dossier by Pakistan FO

In what came as a surprise to as many in Pakistan and across the border, the dossier released by Pakistan on 13 November alleging India’s involvement in sponsoring terrorism in Pakistan is emblematic of Pakistan’s new ‘resolve and intent’ that it will not hesitate to counter India outside the conventional battlefield. The details of the dossier was made public in a joint press conference attended by Foreign Minister Shah Mahmood Qureshi and DG ISPR General Iftikhar Babar. The dossier, which is titled “Indian Efforts to Destabilize Pakistan”, will be shared with the UN as well as with the P-5 members i.e. US, UK, China, Russia and France.

Damning evidence

The dossier, and the accompanying press conference, are a damning bundle of evidence against India. The dossier directly implicates India’s Prime Minister Narendra Modi in running a covert cell against CPEC projects in Pakistan and claims that recent attacks on various facilities in Pakistan were directly managed from Prime Minister Narendra Modi’s office. During the press conference, audio tapes of recorded and intercepted conversations between terror outfits and Indian Intelligence Agencies were played. Also shared in the press conference were names and codes of Indian officials as well as the historic involvement of India in sponsoring Pakistan through proxies.

So, what makes the dossier unusual? After all, this isn’t the first time that Pakistan has claimed India’s “Hybrid War” against Pakistan. Could we be witnessing a new normal i.e. Pakistan counterattacking India instead of always being on the defensive? More importantly, what is the ‘end game’ envisaged by Pakistan and the chances this lawfare will make the world see both India and Pakistan through a new lens?

Read more: Pakistan Foreign Office hits hard on Indian support to terrorism

The timing of the press conference and the dossier

Perhaps the timing of the move is as important as the move itself. There has been a change of guard in the US with President-elect Joe Biden all set to assume office of the 46th President of the US. This is Pakistan messaging the US that it cannot do its bidding in Afghanistan and be the guarantor of peace in the region while India continues to destabilize it through terrorism.

The world must be told in clear terms that the time has come for it to support Pakistan’s exit from the FATF gray list and to give due credit to Pakistan its efforts in the Afghan peace process

There is also a domestic angle to this. Historically, civilian and military leadership of Pakistan have made strange bedfellows. This changed with the PTI government coming into power in 2018. PM Imran Khan enjoys unparalleled support of the military leadership. In this backdrop, the joint press conference by FM Qureshi and the DG ISPR sends out a clear message to the political class of Pakistan that the civilian and military leadership are on the same page when it comes to defending Pakistan’s vital national interests. It is a known fact that the former Prime Minister Nawaz Sharif never uttered the name “Kulbhushan Jadhav” when he was in power and never supported Pakistan’s efforts to showcase India’s sinister designs towards Pakistan. The PML(N)’s reaction to the dossier has so far been that such sensitive information should not have been shared in a public presser. Not surprisingly, PML(N) continues to downplay the significance of the dossier despite that the dossier is a first in Pakistan’s history.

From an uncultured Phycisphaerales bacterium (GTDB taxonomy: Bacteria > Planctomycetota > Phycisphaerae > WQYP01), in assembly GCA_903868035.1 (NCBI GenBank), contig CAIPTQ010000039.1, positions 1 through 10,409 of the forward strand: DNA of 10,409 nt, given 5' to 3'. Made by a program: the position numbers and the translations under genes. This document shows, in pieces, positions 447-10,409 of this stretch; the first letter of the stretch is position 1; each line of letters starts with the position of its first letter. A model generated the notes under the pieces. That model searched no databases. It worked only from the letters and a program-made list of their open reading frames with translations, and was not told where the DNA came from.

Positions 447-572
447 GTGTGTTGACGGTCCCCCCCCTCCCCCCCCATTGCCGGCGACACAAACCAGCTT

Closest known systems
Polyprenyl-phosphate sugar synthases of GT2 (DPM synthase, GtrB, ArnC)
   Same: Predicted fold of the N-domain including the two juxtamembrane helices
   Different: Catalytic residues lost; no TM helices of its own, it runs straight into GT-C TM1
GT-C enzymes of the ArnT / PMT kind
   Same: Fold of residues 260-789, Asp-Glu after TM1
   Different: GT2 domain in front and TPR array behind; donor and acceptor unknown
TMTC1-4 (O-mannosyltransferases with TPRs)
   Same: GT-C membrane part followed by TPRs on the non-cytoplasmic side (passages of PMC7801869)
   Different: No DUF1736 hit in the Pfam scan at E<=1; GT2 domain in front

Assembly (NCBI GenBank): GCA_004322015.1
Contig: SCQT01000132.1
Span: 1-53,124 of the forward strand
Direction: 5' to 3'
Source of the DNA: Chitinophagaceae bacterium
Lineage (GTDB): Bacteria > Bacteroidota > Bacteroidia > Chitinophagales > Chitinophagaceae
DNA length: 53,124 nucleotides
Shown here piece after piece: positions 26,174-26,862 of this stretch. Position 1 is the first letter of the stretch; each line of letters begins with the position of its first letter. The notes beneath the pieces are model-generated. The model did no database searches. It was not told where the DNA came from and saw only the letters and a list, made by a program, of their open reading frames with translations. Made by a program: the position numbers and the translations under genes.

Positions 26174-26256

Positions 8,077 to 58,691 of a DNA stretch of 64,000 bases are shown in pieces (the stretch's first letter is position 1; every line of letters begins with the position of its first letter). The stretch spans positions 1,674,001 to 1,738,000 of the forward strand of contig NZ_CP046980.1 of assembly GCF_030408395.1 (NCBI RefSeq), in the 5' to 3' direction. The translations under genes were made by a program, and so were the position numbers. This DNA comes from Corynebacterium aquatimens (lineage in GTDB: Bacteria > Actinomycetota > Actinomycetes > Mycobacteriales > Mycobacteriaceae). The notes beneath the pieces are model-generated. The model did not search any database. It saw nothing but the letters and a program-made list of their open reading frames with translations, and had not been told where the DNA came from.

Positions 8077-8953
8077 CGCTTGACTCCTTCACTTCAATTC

Pakistan’s new “war”

This brings me to what Pakistan might be seeking to achieve through the dossier. One would imagine that the decision calculus of Pakistan’s policy circles includes both short-term and long-term goals that have a domestic as well as international focus. As stated, above, Pakistan is looking to take the ‘war’ to India’s backyard. Primarily because of India’s unrelenting propaganda against Pakistan and partly due to its own mistakes, Pakistan landed in the FATF gray list in June 2018 where it has remained since then. After having met 21 of the 27 FATF conditions in October this year, Pakistan will exit the gray list either in the next FATF plenary (February 2021) or in the ensuing months. What is important is that Pakistan won’t get blacklisted. This gives Pakistan new strategic maneuvering space where India is concerned. With Pakistan getting closer to the finishing line, it appears to have upped the ante by packing a powerful punch.

Read more: Indian Intelligence trying to unite terror outfits across Pakistan: Foreign Office

Pakistan’s carefully crafted new lawfare

It seems that the state of Pakistan had been carefully building a case against India with evidence to be released at an opportune time when it would hurt India the most. The moment of reckoning may very well have arrived. As argued by Andrew Korykbo in these pages, the dossier’s release is to be seen in the backdrop of the India and China clashes along the Line of Actual Control where India suffered humiliation at China’s hands. With the India and China dispute not likely to be resolved any time soon and China’s heft making it virtually impossible for India to target it, India’s best bet was to turn up the heat on China’s key ally, Pakistan. But apparently this move seems to have backfired with Pakistan offering threadbare evidence of India’s direct involvement.

The next logical step in Pakistan’s lawfare should be to create further awareness in global capitals through its embassies and chosen diplomats